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Gadolinium-Associated Plaques (GAP) in a patient without renal disease.

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On November 12, 2014, an article was published online about a new condition called Gadolinium-Associated Plaques or GAP.  The JAMA Dermatology article by Gathings, Reddy, Santa Cruz, and Brodell is titled, “Case Report/Case Series, Gadolinium-Associated Plaques – A New, Distinctive Clinical Entity”.  The full-article is not freely available online at this time; however, the abstract can be found at

While this case series reports on only 2 patients, its findings are especially significant for patients with normal renal (kidney) function.  Both patients had erythematous plaques which were determined to be sclerotic bodies in various stages of calcification.  Previously these sclerotic bodies were thought to be associated with NSF (Nephrogenic Systemic Fibrosis) in patients with chronic renal disease after exposure to a Gadolinium-based Contrast Agent (GBCA).  The significance of this case series is that neither patient had NSF; while one patient did have renal disease, the other patient did not.  However, the patient without renal disease had received 20 mL doses of gadodiamide (Omniscan) for 5 contrast MRIs over the course of 2.5 years which resulted in a cumulative dosage of 100 mL.  The patient with renal disease had also received multiple doses of contrast, but the type and amount are unknown.  As noted in Background on Risk Factors, cumulative dosage is thought to pose a long-term risk to all GBCA-exposed patients regardless of their level of renal function.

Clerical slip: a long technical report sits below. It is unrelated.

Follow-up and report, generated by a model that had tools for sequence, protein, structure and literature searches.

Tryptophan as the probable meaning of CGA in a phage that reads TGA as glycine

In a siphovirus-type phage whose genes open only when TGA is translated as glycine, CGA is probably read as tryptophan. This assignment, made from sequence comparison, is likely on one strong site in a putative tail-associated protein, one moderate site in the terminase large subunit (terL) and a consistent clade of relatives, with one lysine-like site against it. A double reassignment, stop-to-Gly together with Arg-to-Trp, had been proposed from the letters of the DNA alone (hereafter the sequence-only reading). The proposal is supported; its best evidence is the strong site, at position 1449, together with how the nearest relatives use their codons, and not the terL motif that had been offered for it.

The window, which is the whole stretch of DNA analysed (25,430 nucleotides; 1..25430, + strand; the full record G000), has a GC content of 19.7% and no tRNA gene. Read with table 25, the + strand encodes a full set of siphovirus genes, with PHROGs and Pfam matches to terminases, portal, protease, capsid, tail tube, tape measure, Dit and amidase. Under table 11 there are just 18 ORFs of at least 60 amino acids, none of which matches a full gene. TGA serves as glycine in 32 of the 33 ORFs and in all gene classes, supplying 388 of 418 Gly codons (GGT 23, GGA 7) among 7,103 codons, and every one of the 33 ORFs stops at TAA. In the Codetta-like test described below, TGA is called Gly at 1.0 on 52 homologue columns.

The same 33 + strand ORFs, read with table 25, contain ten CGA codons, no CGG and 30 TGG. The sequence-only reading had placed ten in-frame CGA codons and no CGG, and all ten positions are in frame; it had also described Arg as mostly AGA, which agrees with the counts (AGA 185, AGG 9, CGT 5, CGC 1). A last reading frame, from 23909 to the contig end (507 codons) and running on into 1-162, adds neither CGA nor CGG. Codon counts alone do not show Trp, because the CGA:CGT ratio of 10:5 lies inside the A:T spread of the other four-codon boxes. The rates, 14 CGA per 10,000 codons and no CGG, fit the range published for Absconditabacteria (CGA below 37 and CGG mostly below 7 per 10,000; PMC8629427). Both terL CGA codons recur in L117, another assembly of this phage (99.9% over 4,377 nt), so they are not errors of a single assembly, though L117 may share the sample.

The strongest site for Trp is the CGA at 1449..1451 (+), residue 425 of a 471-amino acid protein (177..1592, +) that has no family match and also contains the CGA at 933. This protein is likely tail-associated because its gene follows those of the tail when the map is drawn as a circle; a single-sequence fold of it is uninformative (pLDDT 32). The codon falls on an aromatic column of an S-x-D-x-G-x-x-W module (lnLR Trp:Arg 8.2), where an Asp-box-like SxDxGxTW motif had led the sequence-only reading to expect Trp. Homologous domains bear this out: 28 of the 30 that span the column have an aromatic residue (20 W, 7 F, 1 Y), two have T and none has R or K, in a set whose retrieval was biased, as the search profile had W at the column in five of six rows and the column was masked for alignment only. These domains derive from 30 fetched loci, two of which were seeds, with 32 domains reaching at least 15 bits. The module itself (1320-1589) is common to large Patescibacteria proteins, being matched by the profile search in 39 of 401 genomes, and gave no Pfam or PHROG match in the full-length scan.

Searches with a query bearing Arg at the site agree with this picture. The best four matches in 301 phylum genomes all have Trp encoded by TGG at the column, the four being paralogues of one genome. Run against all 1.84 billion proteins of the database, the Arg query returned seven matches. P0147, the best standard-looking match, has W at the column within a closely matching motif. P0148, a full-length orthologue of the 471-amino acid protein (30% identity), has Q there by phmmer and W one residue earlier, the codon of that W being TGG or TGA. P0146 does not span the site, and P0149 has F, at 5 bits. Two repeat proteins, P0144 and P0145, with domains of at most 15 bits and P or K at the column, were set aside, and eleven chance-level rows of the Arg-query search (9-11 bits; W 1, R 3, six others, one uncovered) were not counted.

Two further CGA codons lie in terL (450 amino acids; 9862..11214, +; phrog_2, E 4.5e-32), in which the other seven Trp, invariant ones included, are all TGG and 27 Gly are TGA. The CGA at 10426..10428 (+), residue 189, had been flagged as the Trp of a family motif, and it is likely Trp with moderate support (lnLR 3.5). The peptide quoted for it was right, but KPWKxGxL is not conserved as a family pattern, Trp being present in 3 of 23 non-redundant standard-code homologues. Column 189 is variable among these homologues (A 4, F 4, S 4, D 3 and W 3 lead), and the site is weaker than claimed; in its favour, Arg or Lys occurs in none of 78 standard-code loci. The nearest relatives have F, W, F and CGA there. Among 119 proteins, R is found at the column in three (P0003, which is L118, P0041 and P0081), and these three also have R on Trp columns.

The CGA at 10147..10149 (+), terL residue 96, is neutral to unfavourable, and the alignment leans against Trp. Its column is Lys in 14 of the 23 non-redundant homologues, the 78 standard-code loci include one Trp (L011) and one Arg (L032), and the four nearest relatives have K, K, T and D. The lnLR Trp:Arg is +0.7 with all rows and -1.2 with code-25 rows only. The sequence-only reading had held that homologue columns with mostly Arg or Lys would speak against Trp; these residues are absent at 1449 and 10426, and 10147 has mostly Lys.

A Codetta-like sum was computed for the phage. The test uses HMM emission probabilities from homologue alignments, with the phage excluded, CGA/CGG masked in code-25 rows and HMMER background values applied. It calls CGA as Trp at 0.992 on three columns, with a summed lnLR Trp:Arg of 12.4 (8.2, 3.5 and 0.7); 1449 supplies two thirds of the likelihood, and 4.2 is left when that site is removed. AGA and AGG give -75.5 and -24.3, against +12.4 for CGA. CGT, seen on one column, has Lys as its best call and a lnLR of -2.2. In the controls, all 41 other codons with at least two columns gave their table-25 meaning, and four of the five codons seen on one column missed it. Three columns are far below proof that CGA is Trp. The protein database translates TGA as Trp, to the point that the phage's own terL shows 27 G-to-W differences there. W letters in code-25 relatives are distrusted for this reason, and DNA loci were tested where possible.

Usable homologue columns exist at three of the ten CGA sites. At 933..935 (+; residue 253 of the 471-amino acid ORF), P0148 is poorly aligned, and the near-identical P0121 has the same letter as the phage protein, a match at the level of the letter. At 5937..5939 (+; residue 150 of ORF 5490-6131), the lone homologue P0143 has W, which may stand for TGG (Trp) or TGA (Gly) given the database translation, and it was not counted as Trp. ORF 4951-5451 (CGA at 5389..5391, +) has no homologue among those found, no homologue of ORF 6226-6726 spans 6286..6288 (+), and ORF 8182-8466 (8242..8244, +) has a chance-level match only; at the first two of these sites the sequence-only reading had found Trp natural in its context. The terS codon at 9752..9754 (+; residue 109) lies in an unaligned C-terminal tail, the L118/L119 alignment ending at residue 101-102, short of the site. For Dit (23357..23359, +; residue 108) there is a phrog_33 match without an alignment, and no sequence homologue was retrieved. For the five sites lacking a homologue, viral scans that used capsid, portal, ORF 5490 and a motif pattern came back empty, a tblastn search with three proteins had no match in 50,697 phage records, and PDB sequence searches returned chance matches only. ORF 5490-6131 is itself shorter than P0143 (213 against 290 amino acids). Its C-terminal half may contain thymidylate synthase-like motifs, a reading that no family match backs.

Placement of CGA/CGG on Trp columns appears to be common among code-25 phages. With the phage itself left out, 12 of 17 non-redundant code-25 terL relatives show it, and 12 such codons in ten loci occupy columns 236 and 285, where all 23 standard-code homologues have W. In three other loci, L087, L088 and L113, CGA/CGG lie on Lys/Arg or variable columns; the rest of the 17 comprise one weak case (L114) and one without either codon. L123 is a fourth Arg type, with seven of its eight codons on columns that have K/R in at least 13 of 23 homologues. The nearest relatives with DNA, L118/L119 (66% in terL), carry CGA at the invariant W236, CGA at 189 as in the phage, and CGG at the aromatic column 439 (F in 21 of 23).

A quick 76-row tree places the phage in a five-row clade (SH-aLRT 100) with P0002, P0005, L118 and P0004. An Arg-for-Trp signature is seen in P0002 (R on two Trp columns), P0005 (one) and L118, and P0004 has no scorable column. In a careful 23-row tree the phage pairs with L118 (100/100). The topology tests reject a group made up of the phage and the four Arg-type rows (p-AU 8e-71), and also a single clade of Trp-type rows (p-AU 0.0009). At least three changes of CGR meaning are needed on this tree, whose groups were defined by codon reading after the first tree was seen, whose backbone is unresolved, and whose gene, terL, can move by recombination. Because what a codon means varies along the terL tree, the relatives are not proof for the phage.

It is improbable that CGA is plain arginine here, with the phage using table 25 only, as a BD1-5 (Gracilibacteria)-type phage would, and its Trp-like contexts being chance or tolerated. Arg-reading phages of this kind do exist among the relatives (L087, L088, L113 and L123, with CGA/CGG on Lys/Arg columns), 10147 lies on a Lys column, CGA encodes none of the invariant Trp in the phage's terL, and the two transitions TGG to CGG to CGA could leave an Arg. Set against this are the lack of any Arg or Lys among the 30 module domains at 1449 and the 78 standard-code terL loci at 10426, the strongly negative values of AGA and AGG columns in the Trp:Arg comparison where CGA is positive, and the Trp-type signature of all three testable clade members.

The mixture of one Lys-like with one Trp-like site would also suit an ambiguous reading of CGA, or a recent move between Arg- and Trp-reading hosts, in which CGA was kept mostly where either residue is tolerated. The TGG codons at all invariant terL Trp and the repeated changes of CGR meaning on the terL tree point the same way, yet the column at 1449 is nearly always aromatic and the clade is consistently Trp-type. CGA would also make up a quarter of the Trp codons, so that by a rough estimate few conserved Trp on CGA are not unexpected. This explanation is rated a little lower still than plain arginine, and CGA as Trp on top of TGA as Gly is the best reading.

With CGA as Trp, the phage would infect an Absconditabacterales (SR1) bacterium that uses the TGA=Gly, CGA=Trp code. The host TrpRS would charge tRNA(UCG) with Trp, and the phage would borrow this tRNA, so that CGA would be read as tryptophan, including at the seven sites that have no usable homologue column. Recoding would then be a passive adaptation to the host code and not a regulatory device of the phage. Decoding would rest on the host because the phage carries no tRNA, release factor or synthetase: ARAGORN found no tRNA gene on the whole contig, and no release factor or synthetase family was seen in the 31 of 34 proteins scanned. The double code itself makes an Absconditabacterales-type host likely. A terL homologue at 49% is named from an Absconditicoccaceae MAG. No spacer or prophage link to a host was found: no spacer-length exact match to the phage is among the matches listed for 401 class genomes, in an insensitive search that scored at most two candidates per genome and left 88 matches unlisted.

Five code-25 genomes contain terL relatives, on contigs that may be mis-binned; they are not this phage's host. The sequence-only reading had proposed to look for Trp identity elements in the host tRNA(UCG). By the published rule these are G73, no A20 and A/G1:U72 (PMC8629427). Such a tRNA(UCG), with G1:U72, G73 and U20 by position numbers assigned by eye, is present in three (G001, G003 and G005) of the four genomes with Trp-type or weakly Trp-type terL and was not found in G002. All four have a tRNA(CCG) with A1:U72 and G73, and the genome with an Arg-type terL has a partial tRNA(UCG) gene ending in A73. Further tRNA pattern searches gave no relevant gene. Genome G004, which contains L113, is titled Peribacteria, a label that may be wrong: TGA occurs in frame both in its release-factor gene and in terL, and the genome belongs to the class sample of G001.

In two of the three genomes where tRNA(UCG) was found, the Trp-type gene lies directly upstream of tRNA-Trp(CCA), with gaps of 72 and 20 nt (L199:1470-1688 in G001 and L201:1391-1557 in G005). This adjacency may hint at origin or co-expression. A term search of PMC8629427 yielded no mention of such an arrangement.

The patient without renal disease (case 1) had an 18-month history of a burning rash on both hands.  There were multiple lesions, 0.5-2.0 cm in diameter, on the patient’s hands that were described as “erythematous plaques, some annular” (annular means ring-like).

The patient with renal disease (case 2) had a 2-year history of a slowly enlarging, asymptomatic tan-brown plaque on the right anterior lower leg that was described as “irregular, 2-colored, mottled pigmentation”.

The authors concluded that “both multiple and solitary plaques in association with the distinctive histopathologic findings of sclerotic bodies with various stages of calcification should lead to a consideration of GAP and prompt questions about gadolinium exposure.”  They noted that this “can occur in the absence of renal disease (case 1) and with renal disease (case 2), but in both cases, without evidence of NSF”.

If you have any new or unusual skin changes since your contrast-enhanced MRI or MRA, you should speak with your doctor about having a biopsy of an affected area.  Your dermatologist can refer to the article for complete information on the various stains performed; 8 special stains were done with the tissue taken from the patient without renal disease.  If you have already had skin biopsies since your contrast procedure(s), ask your dermatologist if additional testing can be performed from your remaining biopsy block.

Gadolinium-Associated Plaques or GAP may prove to be the first gadolinium-related diagnosis for patients with normal renal function and no clinical features of NSF.  We now need to determine what is happening on the inside of GBCA-exposed patients without renal disease.

Sharon W


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